When Camping’s expected rapture did not occur, International Business Times reported Lyn Benedetto of Antelope Valley, Calif., slit the wrist and throat of her two daughters and then slit her own, claiming to prevent them from going through the “Tribulation” on May 21.

A neighbor summoned an ambulance in time for them to be hospitalized.

Upon hearing the story, Camping said, “Murdering is terrible. It is contrary to everything the Bible teaches. That would have been a horrible thing if she has done that. That will make me weep. That will fill me with sorrow that she would do that. The Bible teaches that we are to save life, not kill. If it is going to be death, leave it to God. God knows who He wants to kill and make alive. That is His business, not our business.”

Asked if he would take responsibility for such incidents, Camping said no.

“I don’t have any responsibility. I can’t be responsible for anybody’s lives,” he explained. “I am only teaching the Bible. I am not teaching what I believe, as if I am the authority. I am just simply teaching what the Bible says. And I don’t have spiritual rule over anybody.”

WND reported later when Camping suffered a stroke.

WND reported just months ago when authorities in Vietnam harassed hundreds of Christians by scheduling holiday events, then abruptly canceling them without notice.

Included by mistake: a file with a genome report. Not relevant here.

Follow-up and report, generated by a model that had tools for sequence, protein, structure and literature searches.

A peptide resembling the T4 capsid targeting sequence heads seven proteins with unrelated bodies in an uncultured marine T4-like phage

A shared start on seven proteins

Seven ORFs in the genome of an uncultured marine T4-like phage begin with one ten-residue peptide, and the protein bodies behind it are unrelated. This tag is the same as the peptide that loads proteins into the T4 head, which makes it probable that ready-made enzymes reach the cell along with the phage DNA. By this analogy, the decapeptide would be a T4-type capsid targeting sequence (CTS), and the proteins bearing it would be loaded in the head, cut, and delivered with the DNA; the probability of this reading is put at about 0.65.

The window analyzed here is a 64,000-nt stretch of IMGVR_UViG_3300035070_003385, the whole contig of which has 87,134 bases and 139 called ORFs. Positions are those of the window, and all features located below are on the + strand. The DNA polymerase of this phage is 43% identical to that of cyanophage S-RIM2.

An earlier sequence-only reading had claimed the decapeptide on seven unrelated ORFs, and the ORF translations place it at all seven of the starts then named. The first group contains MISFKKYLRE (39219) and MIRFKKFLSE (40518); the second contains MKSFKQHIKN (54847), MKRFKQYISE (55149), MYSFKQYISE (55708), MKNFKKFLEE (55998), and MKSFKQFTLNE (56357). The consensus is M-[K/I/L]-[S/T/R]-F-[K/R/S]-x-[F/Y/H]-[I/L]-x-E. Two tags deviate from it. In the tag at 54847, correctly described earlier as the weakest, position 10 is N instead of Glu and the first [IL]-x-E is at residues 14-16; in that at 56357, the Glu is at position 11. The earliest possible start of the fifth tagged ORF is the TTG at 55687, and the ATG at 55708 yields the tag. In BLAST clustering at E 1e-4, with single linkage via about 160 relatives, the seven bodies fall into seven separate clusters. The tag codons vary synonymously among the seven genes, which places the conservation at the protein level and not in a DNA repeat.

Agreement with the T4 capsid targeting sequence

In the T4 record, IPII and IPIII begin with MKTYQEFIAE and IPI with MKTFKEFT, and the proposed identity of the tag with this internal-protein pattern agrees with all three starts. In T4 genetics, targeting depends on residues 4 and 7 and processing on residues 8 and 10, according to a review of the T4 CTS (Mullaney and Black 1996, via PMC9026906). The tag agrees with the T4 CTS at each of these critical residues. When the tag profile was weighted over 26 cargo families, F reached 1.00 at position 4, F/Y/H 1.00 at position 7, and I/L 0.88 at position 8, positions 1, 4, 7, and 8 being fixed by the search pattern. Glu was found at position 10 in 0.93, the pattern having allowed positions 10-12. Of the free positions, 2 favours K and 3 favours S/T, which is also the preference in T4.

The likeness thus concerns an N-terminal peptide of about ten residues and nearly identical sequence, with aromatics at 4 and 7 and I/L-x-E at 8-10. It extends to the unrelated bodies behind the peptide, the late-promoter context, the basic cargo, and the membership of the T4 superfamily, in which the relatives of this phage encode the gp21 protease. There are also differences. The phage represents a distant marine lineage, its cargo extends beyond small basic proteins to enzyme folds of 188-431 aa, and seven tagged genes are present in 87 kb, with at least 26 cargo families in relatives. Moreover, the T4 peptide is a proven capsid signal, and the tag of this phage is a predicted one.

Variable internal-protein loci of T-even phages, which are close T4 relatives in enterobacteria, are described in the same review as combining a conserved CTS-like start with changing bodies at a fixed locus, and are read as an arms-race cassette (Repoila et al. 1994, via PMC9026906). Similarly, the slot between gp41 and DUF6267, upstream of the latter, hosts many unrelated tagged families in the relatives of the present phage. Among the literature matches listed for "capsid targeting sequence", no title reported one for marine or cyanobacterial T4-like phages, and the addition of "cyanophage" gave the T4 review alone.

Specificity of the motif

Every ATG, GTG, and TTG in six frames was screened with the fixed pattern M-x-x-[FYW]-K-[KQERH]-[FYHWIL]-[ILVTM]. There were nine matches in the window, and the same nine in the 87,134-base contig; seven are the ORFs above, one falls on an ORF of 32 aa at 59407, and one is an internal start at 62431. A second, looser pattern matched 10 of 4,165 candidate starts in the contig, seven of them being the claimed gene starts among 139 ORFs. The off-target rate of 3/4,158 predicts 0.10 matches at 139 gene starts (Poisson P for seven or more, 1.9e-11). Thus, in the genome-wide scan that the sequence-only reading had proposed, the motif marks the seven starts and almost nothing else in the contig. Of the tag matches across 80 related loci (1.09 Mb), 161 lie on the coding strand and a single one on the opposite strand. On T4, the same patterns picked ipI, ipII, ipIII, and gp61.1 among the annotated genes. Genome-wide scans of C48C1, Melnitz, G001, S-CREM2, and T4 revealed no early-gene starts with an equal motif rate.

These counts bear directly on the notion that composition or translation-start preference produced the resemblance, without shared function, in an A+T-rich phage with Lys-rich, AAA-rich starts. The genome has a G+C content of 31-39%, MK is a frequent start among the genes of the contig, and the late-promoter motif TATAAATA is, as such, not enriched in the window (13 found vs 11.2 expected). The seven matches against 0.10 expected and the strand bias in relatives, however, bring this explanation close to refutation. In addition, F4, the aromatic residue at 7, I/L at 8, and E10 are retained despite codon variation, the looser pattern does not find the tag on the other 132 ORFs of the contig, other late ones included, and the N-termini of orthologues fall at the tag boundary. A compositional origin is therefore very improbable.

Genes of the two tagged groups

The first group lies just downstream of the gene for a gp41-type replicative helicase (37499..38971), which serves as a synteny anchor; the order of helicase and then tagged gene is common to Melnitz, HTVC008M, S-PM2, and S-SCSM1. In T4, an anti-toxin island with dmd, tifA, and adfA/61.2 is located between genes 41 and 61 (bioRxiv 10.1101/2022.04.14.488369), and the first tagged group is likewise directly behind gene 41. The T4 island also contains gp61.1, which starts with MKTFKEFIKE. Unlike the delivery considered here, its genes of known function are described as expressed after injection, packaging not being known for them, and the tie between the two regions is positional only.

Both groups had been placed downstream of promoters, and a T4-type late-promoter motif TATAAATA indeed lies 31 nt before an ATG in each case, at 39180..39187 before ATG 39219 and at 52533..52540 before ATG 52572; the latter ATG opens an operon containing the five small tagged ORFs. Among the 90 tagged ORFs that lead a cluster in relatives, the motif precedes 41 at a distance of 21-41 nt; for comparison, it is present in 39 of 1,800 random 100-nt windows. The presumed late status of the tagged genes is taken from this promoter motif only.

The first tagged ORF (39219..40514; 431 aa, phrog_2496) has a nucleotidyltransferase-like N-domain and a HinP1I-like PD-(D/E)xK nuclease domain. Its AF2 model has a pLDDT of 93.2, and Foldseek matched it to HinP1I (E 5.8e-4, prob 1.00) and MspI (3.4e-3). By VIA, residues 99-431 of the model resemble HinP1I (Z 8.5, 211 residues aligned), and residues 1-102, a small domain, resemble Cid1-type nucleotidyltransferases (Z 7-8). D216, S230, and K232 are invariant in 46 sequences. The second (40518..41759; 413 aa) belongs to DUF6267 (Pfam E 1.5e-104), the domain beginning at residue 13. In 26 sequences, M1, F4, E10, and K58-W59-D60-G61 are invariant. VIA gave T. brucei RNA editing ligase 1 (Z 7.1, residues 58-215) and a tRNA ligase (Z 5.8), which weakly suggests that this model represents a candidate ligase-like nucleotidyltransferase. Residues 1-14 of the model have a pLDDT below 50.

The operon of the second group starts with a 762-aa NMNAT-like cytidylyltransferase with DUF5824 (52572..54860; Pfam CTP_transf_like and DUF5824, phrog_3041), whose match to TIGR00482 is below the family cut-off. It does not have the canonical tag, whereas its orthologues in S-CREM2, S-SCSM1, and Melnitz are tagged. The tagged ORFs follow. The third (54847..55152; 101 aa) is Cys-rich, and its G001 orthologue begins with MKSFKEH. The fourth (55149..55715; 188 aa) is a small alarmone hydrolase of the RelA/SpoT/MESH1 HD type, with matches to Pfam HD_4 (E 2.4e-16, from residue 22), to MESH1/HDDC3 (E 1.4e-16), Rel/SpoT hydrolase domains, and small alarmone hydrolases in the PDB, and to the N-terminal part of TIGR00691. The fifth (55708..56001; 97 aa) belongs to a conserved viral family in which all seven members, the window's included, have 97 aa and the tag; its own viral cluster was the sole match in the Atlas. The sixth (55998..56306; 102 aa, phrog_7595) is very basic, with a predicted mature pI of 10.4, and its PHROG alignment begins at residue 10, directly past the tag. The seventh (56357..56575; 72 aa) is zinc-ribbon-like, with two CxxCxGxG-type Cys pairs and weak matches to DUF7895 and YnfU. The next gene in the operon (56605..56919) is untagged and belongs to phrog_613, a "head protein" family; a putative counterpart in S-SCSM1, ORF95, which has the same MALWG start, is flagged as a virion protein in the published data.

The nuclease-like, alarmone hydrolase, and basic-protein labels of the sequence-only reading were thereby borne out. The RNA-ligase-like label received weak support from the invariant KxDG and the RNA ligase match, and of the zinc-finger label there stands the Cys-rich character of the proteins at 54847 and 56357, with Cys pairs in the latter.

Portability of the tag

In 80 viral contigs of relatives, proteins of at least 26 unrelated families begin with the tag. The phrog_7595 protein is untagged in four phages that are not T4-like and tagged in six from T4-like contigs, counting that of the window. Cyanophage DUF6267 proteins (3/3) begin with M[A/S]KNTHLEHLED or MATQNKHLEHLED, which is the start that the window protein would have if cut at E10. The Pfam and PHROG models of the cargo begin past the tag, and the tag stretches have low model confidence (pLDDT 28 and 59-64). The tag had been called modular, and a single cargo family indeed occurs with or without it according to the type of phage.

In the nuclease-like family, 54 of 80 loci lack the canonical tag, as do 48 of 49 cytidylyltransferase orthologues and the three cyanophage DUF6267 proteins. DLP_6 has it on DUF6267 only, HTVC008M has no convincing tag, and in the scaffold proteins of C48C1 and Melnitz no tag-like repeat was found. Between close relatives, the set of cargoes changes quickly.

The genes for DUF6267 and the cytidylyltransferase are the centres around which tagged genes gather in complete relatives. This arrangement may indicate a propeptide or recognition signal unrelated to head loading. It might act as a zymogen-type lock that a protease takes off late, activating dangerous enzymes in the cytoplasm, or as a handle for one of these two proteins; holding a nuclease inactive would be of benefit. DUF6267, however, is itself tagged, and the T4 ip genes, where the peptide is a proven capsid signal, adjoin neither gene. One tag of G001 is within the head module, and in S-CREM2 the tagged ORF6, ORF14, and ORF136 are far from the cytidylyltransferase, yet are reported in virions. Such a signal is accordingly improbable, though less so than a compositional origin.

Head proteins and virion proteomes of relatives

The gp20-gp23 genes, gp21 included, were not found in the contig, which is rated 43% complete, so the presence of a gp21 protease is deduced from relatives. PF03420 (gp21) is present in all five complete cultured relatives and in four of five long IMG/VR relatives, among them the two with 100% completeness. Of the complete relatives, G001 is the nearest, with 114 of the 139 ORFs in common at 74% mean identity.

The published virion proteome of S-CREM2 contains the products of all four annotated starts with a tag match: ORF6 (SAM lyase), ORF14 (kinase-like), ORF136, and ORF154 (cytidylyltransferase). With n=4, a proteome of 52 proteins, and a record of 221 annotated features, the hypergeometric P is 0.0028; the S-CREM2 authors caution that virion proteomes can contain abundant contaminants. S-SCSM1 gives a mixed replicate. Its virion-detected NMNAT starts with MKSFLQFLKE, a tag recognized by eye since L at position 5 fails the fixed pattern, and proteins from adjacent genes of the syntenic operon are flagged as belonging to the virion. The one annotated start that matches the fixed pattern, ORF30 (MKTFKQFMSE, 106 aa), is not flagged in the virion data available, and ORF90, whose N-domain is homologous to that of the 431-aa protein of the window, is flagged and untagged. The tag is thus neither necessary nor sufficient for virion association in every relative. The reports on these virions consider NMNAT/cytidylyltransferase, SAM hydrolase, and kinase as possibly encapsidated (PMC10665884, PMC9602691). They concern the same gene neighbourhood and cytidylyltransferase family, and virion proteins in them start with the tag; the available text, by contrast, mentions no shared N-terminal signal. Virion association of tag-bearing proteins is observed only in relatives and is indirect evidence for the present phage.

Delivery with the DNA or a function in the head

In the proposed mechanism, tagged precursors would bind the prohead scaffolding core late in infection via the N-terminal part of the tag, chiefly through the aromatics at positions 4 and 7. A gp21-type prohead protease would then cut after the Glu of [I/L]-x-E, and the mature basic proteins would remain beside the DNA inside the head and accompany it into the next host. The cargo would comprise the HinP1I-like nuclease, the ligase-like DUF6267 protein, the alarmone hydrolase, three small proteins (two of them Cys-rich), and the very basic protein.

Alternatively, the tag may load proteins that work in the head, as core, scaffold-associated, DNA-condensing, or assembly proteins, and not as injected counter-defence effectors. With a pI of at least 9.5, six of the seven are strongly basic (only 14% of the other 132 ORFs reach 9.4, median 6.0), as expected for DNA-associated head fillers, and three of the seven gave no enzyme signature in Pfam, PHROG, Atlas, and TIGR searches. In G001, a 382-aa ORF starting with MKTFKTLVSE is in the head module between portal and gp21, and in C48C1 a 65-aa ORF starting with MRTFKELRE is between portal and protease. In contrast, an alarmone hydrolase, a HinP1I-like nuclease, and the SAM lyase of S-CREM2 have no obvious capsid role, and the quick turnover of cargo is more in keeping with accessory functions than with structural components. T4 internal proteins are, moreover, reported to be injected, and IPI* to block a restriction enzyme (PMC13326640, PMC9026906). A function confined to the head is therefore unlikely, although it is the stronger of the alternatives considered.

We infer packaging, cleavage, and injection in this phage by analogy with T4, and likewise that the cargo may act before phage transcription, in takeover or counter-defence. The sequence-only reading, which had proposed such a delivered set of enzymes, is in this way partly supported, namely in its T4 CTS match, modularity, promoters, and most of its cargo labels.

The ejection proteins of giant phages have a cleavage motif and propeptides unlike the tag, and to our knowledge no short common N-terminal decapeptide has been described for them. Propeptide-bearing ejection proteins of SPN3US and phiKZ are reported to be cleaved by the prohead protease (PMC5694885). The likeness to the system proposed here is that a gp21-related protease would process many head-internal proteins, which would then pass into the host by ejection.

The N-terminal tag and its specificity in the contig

Montagnard Foundation Director Kok Ksor said at the time the government’s actions over the Christmas parties were consistent with how it deals with Christianity in general.

“The government lies like that all the time. They will say that the people have religious freedom and they say they allow people to worship God and that all beliefs are protected by law,” Ksor stated.

“That’s a lie and the people listen to them. I don’t know why,” Ksor said.
“It’s not the only time. Every year people get hurt because they want to worship God. Now the people can’t do anything for fear of the police.”

Even earlier, WND reported on a typical attack on the people of the Central Highlands where the Montagnards live.

Dieu Suoi, a Christian, was tortured by police and prison officials. He was arrested in 2005 “because he was a house church Christian who refused to join the official church,” the foundation said. He was beaten with batons and shocked, then imprisoned. His health deteriorated in prison, and in 2007, police returned him to his family, who insisted he be hospitalized because he had been beaten so badly they hardly recognized him. Suoi, 30, died two days later.

Prasch said, “Please pray for these people and the work of Moriel Asia branch here among the Hmong. We are trying to get 5,000 outlawed Hmong Bibles printed.”

The prediction that Jesus would return May 21 was not the first time Camping made a false prophecy. He similiarly forecast Christ’s return in 1994.

“This guy is something else,” Richard Myers, the administrator of abibleanswer.org, told WND. “We are calling for the Family Radio board to remove him.”

In a posting on Myers’ website, he says the board of directors of Family Radio is just as culpable as Camping in the spreading of erroneous information:

In the aftermath of his glaring error, Camping has adjusted his prediction for the end of the world to Oct. 21 of this year.